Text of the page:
Lieberman: I won't cause a coalition crisis during visit

Israel Beiteinu will meet Monday and its secretariat Tuesday to decide whether to consider leaving the government.

Avigdor Lieberman 248.88 (photo credit: Ariel Jerozolimski [file])
Avigdor Lieberman 248.88
(photo credit: Ariel Jerozolimski [file])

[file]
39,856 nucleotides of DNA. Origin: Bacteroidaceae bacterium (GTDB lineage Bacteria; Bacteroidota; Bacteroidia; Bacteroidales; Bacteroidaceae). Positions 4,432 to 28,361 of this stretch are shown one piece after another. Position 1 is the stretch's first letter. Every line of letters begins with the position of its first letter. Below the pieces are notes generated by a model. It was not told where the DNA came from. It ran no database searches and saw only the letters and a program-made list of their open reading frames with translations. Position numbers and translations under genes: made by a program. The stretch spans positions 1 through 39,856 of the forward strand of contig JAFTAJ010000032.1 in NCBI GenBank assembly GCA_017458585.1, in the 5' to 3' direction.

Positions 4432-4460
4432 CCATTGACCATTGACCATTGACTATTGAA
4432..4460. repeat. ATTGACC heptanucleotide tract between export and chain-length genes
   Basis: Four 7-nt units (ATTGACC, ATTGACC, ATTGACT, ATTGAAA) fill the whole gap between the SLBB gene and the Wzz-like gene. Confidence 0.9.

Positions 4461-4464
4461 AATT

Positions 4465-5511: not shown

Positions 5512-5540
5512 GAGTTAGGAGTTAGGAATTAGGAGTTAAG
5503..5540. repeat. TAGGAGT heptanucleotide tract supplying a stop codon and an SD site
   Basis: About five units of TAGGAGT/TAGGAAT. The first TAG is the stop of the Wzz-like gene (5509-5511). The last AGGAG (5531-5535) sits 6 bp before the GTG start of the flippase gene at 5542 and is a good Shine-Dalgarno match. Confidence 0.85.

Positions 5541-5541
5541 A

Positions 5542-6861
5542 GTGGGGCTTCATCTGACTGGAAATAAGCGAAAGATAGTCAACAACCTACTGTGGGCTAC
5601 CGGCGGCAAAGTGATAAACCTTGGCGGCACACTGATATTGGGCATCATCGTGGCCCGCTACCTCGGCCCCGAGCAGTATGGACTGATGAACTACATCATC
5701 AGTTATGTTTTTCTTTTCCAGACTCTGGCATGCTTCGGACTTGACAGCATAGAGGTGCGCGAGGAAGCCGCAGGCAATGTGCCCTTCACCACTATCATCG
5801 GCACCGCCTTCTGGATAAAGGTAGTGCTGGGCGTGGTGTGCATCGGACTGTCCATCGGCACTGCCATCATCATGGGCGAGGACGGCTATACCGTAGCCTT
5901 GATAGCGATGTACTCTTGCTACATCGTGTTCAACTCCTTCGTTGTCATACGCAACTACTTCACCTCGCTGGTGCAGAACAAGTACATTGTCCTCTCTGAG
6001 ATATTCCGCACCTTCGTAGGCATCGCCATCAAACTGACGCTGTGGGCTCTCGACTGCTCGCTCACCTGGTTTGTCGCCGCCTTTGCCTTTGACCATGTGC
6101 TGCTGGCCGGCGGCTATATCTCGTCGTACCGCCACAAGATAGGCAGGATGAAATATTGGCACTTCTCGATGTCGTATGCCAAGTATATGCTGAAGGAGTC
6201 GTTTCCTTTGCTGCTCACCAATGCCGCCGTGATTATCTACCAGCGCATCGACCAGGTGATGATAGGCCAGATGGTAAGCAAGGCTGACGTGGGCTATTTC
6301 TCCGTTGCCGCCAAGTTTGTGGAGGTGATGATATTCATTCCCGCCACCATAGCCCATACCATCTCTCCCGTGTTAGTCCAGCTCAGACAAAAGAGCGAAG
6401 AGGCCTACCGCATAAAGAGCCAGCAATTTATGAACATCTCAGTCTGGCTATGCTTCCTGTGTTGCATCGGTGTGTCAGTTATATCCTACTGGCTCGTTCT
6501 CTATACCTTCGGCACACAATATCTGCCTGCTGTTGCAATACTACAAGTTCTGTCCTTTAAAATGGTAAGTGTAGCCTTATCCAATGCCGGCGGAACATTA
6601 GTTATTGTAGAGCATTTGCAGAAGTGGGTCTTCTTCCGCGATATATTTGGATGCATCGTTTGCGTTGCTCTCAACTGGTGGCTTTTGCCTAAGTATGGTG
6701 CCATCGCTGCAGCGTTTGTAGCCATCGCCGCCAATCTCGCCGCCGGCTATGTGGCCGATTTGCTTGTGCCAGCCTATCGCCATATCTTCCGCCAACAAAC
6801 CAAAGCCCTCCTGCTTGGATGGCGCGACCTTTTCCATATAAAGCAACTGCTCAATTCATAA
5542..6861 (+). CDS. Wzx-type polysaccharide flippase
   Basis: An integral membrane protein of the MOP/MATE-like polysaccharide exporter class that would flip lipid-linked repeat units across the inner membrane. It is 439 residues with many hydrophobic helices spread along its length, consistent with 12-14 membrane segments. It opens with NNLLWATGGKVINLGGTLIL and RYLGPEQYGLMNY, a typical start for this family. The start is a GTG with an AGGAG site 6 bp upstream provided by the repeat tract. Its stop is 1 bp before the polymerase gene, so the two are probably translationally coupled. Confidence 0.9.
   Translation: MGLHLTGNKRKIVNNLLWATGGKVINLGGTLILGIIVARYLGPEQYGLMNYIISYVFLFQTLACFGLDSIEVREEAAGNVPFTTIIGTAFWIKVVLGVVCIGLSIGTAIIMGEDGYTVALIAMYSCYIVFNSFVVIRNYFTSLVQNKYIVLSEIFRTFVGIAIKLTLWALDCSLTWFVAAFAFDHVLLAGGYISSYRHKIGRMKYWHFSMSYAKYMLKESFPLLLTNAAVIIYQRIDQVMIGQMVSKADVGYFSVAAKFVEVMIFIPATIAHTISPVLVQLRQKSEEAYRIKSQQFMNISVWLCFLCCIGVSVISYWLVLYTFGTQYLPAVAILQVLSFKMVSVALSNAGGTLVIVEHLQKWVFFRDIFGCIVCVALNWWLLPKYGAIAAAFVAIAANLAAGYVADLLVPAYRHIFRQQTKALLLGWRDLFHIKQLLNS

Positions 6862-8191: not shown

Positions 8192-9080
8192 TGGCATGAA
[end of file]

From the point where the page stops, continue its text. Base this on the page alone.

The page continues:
The pressure on Shas and Israel Beiteinu to leave Prime Minister Ehud Olmert's government reignited on Tuesday when Olmert announced that negotiations on the core issues of the Israeli-Palestinian conflict would restart during US President George W. Bush's visit to Israel. Olmert made the announcement with great fanfare at a meeting with Palestinian Authority Chairman Mahmoud Abbas. Shortly afterward, Olmert's associates rushed into damage control mode, issuing a statement downplaying what Olmert had said and adding that they did not expect Israel Beiteinu and Shas to quit the coalition. "There is no reason for them to leave, because nothing has really changed," an Olmert associate said. "There were talks on the core issues before, and there will continue to be talks on the core issues." Olmert's associates gave credit to Israel Beiteinu head Avigdor Lieberman for blocking a move to create subcommitees that would have dealt with the core issues: Jerusalem, refugees, and the final borders of a Palestinian state. The Likud and the National Union-National Religious Party called upon Shas and Israel Beiteinu to "honor their public commitments" and leave the government. The coalition decided to delay a Knesset vote that had been set for Tuesday on the formation of a Religious Affairs Ministry after it became clear that they lacked a majority. Israel Beiteinu and Labor MKs have joined the opposition in opposing the move. The Likud, meanwhile, announced that it would vote against the formation of the Religious Affairs Ministry, because "Shas sold out Jerusalem" to get the ministry. "Lieberman's decision about whether to stay will determine once and for all whether his word is his word or whether not a single would from him could be believed," NU-NRP chairman Benny Elon said. Israel Beiteinu responded by lashing out at its critics, saying they would not accept the scolding of "those who voted for the disengagement" (Likud) and "those who refused to leave the government after they were fired" (Elon). "I will request a clarification from the prime minister, but I understand that I won't get it until after the Bush visit, and I don't intend to cause a coalition crisis while he is here," Lieberman said. The Israel Beiteinu faction will meet Monday and its secretariat Tuesday to decide whether to consider leaving the government. Lieberman warned Olmert on Sunday that he would remove Israel Beiteinu from the coalition if negotiations began on the core issues of the conflict. "We decided on our red lines ahead of Annapolis," Lieberman told Israel Radio. "One of them was that if there were negotiations on the core issues of the conflict, it would require us to leave the government immediately and we intend to stand by that commitment. I said this to the prime minister and our party's view is clear." Israel Beiteinu sources said at the time that it was important to Lieberman to send Olmert a warning before Bush's visit that the prime minister could not take Israel Beitenu's presence in the coalition for granted ahead of the release of the Winograd Report. Shas officials, meanwhile, said that Olmert's announcement would have no impact on them, because they had never threatened to quit the government over talks with the Palestinians. They stressed that they had only threatened to quit if an agreement were reached with the Palestinians.